Continued persecution of Baha'is in Egypt


It seems like the Bahai’s of Egypt share persecution with the Baha’is of Iran. Below is an English translation of an article from Persian ( by Dr. Wahied Wahdat-Hagh.

Editor In an article in the journal Cairo Review of Global Affairs, a publication of the American University in Cairo, published on 22 August 2012, Dwight Bashir, the Director [TN: this is incorrect, he is Deputy Director] of the research section at the U.S. Commission on International Religious Freedom warned about the situation of the Bahá’ís of Egypt.
He writes that the myths that exist about the Baha’is are wrong, including that Bahá’ís endanger Egypt’s national security.

According to a report from the official website of the Baha’is of Egypt, today Baha’is enjoy none of the rights of citizenship in their own country. They are still discriminated against with respect to admission to schools and universities.
About two thousand Baha’is live in Egypt. Compared to the 170,000 Baha’is of the United States, the number of Baha’is in Egypt is unremarkable;  however, the government’s treatment of Egyptian Baha’is is a good benchmark for the freedom of non-conformists.

Hillary Clinton, the American Secretary of State, in early August warned about the violations of human rights of the Baha’is of Egypt. But according to the report of Egyptian an English-language newspaper called the “Daily News”, Muslim Brotherhood spokesperson Mahmoud Ghozlan immediately rejected Clinton’s comments, called her a “liar”, and claimed that all religions are free in Egypt.

Ghozlan promotes the idea that seemingly the Baha’i religion stems from Zionism, and this is one reason why they burn down Baha’i houses in Egyptian villages.  Thus the state’s anti-Baha’i propaganda becomes a reason for the anti-Bahá’í activities of religious fanatics.

Prosecuting and restricting the rights of Baha’is in Egypt is not a new phenomenon.  In an article by Naseem Kourosh published in the legal journal “International Law News” Kourosh reviews the history of the persecution of Baha’is in Egypt.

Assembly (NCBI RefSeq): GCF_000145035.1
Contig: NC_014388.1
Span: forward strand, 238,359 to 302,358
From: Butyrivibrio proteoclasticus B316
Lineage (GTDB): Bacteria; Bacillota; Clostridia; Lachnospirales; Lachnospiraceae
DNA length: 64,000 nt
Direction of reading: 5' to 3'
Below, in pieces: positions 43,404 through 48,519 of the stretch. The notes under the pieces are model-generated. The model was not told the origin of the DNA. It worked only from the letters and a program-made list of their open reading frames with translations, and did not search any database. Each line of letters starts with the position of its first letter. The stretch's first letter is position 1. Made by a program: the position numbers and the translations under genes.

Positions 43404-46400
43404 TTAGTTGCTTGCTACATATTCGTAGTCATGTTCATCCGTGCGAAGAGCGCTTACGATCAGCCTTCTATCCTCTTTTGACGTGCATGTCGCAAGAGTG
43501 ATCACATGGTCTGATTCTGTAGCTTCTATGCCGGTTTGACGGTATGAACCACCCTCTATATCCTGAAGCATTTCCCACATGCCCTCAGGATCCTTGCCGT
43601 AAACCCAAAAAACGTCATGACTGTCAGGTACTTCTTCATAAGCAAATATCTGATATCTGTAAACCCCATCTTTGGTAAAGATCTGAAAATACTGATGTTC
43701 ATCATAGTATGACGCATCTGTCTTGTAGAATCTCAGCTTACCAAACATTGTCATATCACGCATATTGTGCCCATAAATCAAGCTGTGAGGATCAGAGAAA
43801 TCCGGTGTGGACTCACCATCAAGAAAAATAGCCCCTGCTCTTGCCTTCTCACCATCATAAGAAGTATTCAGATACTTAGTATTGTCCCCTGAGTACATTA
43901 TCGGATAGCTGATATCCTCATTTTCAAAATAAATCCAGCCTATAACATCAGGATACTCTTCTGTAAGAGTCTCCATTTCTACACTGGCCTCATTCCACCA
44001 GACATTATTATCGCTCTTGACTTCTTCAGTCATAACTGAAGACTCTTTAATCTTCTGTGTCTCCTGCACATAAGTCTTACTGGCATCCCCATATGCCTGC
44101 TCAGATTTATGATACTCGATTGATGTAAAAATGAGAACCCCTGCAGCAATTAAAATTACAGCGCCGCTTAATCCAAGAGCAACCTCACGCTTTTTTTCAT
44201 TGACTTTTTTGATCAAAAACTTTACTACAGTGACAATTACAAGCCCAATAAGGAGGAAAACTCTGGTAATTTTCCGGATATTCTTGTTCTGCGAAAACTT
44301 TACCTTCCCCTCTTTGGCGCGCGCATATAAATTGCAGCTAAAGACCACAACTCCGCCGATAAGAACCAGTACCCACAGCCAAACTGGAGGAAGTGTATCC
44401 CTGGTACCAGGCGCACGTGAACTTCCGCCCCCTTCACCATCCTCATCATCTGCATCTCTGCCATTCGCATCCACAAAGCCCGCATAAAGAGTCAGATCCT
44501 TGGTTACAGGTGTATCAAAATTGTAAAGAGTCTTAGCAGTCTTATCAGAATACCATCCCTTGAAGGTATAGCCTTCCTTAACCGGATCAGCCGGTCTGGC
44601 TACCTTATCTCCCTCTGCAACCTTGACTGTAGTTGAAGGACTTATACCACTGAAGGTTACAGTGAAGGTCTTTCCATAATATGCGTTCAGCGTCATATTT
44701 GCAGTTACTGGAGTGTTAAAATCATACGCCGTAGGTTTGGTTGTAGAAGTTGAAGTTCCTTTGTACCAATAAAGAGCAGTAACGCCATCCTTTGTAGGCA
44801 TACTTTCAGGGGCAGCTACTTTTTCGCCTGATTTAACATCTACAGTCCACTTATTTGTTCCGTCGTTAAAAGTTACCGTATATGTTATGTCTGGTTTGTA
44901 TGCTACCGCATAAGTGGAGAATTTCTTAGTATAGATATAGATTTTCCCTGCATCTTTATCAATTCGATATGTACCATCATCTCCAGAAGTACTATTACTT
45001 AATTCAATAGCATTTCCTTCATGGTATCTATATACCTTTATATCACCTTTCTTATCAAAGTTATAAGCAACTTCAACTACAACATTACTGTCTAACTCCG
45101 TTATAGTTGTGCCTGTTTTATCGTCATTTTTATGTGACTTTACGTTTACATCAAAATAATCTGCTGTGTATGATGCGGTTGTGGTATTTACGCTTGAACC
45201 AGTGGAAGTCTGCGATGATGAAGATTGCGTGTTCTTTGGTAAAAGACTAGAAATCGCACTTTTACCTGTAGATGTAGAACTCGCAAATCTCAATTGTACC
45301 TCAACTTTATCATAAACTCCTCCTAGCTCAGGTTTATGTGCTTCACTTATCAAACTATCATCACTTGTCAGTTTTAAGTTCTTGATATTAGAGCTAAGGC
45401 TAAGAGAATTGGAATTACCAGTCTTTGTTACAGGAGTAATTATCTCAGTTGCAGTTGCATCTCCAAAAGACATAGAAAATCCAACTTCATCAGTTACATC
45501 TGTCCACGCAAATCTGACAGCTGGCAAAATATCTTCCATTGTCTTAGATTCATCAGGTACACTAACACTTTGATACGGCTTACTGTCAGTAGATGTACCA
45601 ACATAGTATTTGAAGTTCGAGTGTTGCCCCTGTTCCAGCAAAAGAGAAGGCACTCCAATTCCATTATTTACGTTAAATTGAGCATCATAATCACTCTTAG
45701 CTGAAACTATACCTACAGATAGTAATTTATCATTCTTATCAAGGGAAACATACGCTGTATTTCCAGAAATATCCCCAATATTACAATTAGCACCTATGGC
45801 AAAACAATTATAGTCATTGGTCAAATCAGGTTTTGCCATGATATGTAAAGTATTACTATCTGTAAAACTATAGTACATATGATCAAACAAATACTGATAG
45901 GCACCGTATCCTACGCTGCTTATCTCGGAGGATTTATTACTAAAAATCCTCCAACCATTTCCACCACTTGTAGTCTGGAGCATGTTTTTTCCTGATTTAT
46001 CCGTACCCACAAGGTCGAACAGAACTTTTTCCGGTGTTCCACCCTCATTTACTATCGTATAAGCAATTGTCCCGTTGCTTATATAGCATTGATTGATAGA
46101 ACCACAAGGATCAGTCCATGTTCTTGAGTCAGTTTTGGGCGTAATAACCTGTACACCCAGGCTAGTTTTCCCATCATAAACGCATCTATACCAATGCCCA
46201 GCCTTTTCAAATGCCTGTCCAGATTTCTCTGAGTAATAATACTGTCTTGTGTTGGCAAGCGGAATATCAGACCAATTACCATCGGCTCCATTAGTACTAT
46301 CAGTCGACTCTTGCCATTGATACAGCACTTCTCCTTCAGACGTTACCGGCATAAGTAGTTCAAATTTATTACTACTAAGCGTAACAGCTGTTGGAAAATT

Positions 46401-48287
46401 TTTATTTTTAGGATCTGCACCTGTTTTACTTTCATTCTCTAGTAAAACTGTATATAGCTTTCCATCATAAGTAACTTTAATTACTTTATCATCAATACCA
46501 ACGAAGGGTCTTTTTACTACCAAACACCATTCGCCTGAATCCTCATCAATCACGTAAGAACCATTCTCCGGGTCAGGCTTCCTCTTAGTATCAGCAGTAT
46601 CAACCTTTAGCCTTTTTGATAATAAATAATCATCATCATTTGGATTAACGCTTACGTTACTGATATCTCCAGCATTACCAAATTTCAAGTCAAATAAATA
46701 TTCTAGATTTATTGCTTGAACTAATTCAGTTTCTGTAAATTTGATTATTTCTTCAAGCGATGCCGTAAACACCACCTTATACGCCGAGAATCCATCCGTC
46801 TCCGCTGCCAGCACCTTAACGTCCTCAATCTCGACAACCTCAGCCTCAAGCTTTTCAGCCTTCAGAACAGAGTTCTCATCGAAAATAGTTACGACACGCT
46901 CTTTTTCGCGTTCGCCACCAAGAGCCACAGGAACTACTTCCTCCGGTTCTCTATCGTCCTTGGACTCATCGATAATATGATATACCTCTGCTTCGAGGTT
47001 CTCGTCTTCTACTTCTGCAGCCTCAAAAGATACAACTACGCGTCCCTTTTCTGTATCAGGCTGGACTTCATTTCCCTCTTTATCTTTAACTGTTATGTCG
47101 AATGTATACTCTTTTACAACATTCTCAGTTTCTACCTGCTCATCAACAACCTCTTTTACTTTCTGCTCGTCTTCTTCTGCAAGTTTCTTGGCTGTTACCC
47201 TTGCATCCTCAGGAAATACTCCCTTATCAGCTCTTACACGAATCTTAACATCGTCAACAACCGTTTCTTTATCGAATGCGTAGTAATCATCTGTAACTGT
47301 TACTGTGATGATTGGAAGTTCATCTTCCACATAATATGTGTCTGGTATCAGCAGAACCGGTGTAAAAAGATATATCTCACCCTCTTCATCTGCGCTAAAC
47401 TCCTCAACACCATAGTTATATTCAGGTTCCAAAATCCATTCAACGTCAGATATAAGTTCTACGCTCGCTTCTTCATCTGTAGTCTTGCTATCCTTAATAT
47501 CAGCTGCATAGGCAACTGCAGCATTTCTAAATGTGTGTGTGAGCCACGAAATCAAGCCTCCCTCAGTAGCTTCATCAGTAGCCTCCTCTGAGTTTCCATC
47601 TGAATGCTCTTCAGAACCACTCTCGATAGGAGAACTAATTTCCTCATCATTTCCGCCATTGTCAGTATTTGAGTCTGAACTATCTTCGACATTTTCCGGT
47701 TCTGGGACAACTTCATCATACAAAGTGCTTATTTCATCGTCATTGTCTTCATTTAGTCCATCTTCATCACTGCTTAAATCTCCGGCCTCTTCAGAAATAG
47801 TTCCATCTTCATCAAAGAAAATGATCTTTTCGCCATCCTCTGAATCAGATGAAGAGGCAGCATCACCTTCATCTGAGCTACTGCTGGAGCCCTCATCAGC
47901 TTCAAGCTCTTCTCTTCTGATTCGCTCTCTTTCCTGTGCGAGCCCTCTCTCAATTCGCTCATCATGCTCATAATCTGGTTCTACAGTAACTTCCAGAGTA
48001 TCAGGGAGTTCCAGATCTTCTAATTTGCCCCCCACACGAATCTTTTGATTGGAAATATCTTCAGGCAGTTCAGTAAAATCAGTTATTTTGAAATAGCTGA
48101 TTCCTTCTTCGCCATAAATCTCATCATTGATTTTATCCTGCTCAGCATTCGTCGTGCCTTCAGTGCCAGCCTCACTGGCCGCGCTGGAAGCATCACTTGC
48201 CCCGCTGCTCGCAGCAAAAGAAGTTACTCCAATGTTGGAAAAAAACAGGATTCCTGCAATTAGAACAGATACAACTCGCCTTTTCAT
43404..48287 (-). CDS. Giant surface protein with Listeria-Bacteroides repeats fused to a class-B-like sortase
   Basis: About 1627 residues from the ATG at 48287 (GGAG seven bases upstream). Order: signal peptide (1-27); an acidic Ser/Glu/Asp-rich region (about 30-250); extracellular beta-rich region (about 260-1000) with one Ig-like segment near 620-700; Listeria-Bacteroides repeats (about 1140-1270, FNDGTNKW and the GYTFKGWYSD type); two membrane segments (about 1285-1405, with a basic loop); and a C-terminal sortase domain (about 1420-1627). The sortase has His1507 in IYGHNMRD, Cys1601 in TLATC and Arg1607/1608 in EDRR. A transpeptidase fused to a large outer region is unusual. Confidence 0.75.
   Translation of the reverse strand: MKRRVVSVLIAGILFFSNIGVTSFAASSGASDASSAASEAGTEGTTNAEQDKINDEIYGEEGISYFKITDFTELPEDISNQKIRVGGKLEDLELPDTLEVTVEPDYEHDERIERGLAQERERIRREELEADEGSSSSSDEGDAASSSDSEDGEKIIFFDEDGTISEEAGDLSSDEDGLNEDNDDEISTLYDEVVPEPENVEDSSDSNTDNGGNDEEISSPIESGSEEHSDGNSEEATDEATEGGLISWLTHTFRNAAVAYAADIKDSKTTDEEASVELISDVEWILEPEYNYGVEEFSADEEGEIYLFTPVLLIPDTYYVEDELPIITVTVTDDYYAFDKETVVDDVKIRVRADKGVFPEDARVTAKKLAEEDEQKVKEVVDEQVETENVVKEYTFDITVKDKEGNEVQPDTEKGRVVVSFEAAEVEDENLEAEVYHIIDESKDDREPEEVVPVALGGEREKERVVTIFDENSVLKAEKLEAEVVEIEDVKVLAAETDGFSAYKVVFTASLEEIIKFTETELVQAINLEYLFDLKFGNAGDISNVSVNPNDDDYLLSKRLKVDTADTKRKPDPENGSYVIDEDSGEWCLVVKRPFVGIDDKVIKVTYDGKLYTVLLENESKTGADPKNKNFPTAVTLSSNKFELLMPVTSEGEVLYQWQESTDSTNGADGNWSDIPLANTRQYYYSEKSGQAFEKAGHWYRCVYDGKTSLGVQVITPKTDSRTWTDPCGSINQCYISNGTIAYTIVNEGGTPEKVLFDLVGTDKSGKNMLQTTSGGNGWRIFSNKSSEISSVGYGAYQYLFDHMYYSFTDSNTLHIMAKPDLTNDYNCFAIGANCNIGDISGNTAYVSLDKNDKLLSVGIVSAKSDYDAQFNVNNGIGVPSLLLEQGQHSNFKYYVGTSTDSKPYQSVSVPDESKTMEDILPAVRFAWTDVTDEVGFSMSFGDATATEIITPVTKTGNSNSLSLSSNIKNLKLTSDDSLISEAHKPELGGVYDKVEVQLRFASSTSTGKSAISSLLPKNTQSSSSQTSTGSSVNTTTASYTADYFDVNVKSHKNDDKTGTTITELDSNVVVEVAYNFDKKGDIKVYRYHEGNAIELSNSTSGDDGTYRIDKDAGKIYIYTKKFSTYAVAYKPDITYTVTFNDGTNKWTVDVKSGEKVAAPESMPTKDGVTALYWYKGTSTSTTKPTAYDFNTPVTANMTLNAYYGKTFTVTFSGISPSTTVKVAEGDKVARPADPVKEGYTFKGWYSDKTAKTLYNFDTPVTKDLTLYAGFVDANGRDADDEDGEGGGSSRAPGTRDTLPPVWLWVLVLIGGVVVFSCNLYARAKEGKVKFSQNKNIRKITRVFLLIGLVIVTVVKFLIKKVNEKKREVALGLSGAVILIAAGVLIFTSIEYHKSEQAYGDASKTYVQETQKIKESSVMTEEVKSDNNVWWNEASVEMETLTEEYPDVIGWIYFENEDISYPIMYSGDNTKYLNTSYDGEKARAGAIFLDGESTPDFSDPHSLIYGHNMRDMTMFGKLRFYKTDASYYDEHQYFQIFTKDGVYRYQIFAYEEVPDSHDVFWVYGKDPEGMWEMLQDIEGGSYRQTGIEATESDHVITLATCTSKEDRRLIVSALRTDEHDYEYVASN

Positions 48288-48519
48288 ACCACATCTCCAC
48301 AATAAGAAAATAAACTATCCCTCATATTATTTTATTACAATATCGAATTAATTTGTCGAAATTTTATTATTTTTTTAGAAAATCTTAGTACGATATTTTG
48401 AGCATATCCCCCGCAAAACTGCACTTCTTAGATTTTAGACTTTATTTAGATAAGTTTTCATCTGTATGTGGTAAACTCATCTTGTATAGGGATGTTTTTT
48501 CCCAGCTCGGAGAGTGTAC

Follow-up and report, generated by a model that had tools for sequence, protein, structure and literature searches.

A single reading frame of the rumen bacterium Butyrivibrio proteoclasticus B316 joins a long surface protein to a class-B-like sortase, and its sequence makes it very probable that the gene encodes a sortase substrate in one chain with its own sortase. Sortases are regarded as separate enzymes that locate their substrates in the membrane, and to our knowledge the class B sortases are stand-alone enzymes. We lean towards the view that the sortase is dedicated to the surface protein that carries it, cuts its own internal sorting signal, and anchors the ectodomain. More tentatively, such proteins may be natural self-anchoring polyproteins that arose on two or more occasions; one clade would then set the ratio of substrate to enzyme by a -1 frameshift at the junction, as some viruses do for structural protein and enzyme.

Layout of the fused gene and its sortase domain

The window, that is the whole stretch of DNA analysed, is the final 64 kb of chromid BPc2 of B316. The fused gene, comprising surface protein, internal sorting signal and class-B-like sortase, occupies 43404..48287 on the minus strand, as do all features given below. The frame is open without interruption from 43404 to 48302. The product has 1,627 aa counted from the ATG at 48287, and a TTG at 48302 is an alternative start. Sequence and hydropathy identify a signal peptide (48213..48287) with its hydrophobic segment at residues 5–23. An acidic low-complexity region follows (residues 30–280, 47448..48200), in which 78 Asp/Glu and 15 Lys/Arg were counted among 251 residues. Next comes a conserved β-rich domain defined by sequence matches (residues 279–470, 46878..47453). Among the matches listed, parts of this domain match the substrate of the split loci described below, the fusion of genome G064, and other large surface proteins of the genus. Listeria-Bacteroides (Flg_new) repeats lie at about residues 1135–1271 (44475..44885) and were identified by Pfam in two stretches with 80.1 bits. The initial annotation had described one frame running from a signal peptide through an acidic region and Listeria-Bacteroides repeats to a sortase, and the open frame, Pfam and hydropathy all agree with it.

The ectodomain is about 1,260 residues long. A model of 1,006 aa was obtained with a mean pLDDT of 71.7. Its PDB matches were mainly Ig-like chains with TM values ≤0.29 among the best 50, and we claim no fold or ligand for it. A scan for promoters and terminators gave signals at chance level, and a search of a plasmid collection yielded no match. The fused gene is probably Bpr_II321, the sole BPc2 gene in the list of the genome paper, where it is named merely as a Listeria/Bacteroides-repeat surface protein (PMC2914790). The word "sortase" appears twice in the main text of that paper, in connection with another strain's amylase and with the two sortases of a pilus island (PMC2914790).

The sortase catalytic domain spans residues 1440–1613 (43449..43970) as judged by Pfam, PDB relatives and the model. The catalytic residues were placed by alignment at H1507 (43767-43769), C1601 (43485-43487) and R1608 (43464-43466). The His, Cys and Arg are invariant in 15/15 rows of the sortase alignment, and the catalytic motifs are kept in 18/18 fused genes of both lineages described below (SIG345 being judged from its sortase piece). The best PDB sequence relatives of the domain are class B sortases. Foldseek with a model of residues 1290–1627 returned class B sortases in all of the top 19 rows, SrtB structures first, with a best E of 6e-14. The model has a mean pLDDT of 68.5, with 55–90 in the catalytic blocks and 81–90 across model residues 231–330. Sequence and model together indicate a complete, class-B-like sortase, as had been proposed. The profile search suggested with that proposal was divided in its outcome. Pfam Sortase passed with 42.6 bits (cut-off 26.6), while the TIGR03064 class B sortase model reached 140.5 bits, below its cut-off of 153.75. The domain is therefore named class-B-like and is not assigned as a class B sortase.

According to that article, Egypt passed Presidential Decree number 263 in 1963.  in it, all Baha’i institutions were prohibited, Baha’is’ property was confiscated, and their social activities prohibited.  In the sixties, dozens of Baha’is were arrested due to their faith.

In Egypt, Baha’i marriage is not even recognized, which has had and continues to have adverse repercussions for Baha’i families.

In 2003, the Center of Science of Al-Azhar University, considered one of the most important centers of Sunni Islam in the Islamic world, issued an anti-Baha’i fatwa [religious legal opinion] that added new aspects to the discrimination against and persecution of Baha’is.  In that fatwa it was announced that the Baha’i Faith is “a deadly pandemic” that must be destroyed by the government.

The fact that Baha’is don’t conceal their religion brings many attendant issues in some communities:  In Egyptian identity cards/birth certificates, a person’s religious affiliation is stated in terms of belief in one of the Abrahamic religions, meaning the Jewish, Christian, and Muslim religions. From the perspective of the Egyptian government, those who do not belong to these religions do not exist.  This causes grave problems for the community.  From 1960 onwards Baha’is were in fact not allowed to register themselves as Baha’is. This showed that the Egyptian government was determined to eliminate Baha’i identity from society.